From Georgetown, we’ll be returning back to Millaa Millaa and going north, so on the final day we said our goodbyes to Sybbie who we’d be seeing again on our way south, and to Clem who was going out west to work in a contract mustering team for a couple of months.

“Cheerleading isn’t easy – if it was more guys would be in it.”

Categories: Animals In The Wild List (AITW), Travel News, Travel News - Queensland | Tags: , , , , , , ,

Perth – Fremantle – Rottnest Island (Western Australia)

2/11/16  Coming in to Perth, we headed to the caravan park at Karrinyup Waters Resort and set up on a grassy site among the trees down the back, away from the crowded rows of caravans on concrete slabs. It was just like bush camping…but with power and bathroom facilities, oh and a pool and spa and laundry – well, similar to bush camping.

A couple of weeks earlier, I’d noticed a weld on the Landy’s rear wheel carrier that looked cracked and rusted. It was fitted by Opposite Lock back home in 2013 and had carried a spare wheel for well over 60,000kms, sometimes over very rough roads and tracks up to Cape York and all around Australia. When I mentioned to Aaron at OL that I was calling from WA, he suggested I contact the manufacturer who happened to be located in Perth, of all places! What’re the chances of that! We dropped in to the Outback Accessories factory and they said yep, no worries, we’ll replace that with a new one. It turned out not to be an actual weld break after all but they were still more than happy to replace it anyway as they had slightly changed the way they were making them since I’d bought mine. Great guys and excellent customer service. It’s terrific to deal with a company that will so readily stand behind their product without any hassles. The next day, the Landy was sporting a brand spanking new rear wheel carrier with a complementary wheel cover thrown in to the bargain. Thumbs up to Ross and Justin.

We caught up with Gary, an old friend and neighbour from back in the 80s in Townsville. Despite the 35 year interval, it was just like old times which is always the sign of a good friendship. We spent a great day being given a guided tour of the Sunset Coast beach strip and the old convict-era attractions of Fremantle, with lunch at Bather’s Beach House next to the old jetty. The following day, Di and I went back to Fremantle to see more, and caught up afterwards with “New Best Friend” (inside joke) and fellow traveller, Fleur, for coffee and a chat at her home. It was a shame we missed seeing Peter who was away for a few weeks chasing his El Dorado with a gold detector.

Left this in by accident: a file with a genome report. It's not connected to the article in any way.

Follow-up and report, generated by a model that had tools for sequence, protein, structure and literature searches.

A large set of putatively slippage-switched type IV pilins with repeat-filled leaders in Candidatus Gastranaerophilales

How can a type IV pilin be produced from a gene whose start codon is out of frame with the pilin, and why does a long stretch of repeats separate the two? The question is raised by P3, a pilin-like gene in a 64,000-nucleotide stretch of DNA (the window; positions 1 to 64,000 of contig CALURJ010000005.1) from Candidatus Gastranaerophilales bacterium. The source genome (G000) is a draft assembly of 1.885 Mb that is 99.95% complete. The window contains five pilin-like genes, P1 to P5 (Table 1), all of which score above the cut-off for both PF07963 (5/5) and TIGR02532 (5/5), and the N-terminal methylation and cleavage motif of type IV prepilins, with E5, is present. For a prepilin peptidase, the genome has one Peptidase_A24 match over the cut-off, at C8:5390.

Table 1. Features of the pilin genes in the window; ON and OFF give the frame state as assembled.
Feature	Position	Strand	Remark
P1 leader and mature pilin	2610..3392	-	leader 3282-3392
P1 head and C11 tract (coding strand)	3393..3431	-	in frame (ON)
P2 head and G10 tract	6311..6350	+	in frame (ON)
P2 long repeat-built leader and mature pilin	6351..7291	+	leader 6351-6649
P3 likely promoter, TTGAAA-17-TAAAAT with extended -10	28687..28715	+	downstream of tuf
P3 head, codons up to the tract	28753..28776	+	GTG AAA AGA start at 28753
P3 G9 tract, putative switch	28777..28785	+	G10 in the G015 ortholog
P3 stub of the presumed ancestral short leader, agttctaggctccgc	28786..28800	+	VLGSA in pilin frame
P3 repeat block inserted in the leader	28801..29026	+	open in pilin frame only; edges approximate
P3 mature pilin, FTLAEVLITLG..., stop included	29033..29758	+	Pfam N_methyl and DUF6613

The Landy (aka Big Ears) is now wearing a set of Clearview extending mirrors for added towing vision, courtesy of Wayne, our “New Second-Best Friend” (same inside joke) and ex-Disco 3 owner who we met at Karijini NP.

Being back in a bustling city after so long in the bush was curious – more 2WDs than 4WDs; more people who’ve obviously had a bath that day; young people outnumbering the grey-haired baby boomers; fast freeways full of fast drivers who take a gap regardless of one being there or not – so noticeable after tootling around in the Serenity for so long. I drive like I’m in a 6.5-tonne rig – steady braking, steady acceleration, braking distance in front – not so easy to do when everyone else is in such a hurry. Get me back to the Serenity!

We went to Fremantle yet again to see the WA Maritime Museum, home to the winning 1983 America’s Cup yacht, Australia II. She’s under full sail and suspended up in the air in a large room in the museum, with her famous breakthrough winged keel on full display. Di enjoyed a coffee in the museum’s sunny outdoor café while I was escorted through the Oberon class submarine HMAS Ovens that is also housed permanently at the museum. My guide was an ex-submariner who served a large part of his 25 years in the Royal Australian Navy as one of the three Sonar Operators on a similar Oberon class vessel. I was the only person in his tour group so was able to see everything up front and close and ask him lots of questions. The guide was extremely knowledgeable about the sub, because every crew member regardless of their job, including the Cook, was required to know the subs full operations and how to work everything. The tour was very interesting and very cramped, even with just the two of us below deck. I couldn’t imagine the conditions on board with a regular crew of 63! With the shoulder-width corridors and doors that require you to go through sideways, it’d be like constant “Excuse me…after you…no, no, you first…”

We also visited the Freemantle Arts Centre, housed in an historic colonial gothic building in the heart of Freemantle, and built by convicts in the 1860s as the Convict Establishment Fremantle Lunatic Asylum and Invalid Depot. Not so much PC in those days. The buildings planned demolition in the late 1950s was halted following a public outcry and since that time it has been used for a variety of community purposes. Following a major restoration, it is now a lovely complex housing the Freemantle Arts Centre, with exhibition rooms and artist work spaces.